artificial intelligence

Google DeepMind’s Latest AI Agent Learned to Play ‘Goat Simulator 3’

“SIMA takes one step further and shows stronger generalization to new games,” he says. “The number of environments is still very small, but I think SIMA is on the right track.

A New Way to Play

SIMA shows DeepMind putting a new twist on game playing agents, an AI technology the company has pioneered in the past.

In 2013, before DeepMind was acquired by Google, the London-based startup showed how a technique called reinforcement learning, which involves training an algorithm with positive and negative feedback on its performance, could help computers play classic Atari video games. In 2016, as part of Google, DeepMind developed AlphaGo, a program that used the same approach to defeat a world champion of Go, an ancient board game that requires subtle and instinctive skill.

For the SIMA project, the Google DeepMind team collaborated with several game studios to collect keyboard and mouse data from humans playing 10 different games with 3D environments, including No Man’s Sky, Teardown, Hydroneer, and Satisfactory. DeepMind later added descriptive labels to that data to associate the clicks and taps with the actions users took, for example whether they were a goat looking for its jetpack or a human character digging for gold.

The data trove from the human players was then fed into a language model of the kind that powers modern chatbots, which had picked up an ability to process language by digesting a huge database of text. SIMA could then carry out actions in response to typed commands. And finally, humans evaluated SIMA’s efforts inside different games, generating data that was used to fine-tune its performance.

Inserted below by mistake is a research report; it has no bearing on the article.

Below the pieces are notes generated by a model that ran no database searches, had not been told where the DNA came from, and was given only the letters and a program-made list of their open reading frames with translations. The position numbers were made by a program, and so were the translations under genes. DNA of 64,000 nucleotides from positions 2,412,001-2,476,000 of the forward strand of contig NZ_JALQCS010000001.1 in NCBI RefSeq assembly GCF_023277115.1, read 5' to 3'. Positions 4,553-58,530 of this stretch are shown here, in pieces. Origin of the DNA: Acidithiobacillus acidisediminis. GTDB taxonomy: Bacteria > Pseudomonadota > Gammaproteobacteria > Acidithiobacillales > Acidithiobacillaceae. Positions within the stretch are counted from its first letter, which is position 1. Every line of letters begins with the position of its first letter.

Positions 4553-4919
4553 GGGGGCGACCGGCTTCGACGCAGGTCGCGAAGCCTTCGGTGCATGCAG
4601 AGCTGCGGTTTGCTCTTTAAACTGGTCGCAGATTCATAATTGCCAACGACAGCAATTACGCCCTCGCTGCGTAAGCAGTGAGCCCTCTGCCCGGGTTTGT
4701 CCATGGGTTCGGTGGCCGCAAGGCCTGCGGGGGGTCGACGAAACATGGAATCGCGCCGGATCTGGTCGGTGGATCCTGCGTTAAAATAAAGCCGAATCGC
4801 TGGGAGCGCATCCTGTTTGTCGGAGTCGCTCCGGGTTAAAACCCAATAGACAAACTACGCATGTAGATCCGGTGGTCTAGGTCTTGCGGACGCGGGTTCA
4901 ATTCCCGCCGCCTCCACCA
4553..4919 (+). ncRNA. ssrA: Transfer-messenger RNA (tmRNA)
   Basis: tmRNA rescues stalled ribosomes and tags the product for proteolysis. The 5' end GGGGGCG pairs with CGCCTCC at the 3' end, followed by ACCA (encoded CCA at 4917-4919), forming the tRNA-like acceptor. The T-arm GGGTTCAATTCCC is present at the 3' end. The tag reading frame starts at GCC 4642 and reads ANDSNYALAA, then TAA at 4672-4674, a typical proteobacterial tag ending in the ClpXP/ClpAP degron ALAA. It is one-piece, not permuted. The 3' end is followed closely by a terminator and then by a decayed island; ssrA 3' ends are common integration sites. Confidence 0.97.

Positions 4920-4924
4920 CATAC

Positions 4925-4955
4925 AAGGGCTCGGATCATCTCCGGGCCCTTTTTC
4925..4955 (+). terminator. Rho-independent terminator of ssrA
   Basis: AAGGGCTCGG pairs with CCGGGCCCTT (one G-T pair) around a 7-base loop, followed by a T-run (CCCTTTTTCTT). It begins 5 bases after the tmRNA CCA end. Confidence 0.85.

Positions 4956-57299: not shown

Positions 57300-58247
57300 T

The SIMA AI software was trained using data from humans playing 10 different games featuring 3D environments.

Courtesy of Google DeepMind

After all that training, SIMA is able to carry out actions in response to hundreds of commands given by a human player, like “Turn left” or “Go to the spaceship” or “Go through the gate” or “Chop down a tree.” The program can perform more than 600 actions, ranging from exploration to combat to tool use. The researchers avoided games that feature violent actions, in line with Google’s ethical guidelines on AI.

“It’s still very much a research project,” says Tim Harley, another member of the Google DeepMind team. “However, one could imagine one day having agents like SIMA playing alongside you in games with you and with your friends.”

Video games provide a relatively safe environment to task AI agents to do things. For agents to do useful office or everyday admin work, they will need to become more reliable. Harley and Besse at DeepMind say they are working on techniques for making the agents more reliable.

Updated 3/13/2024, 10:20 am ET: Added comment from Jim “Linxi” Fan.

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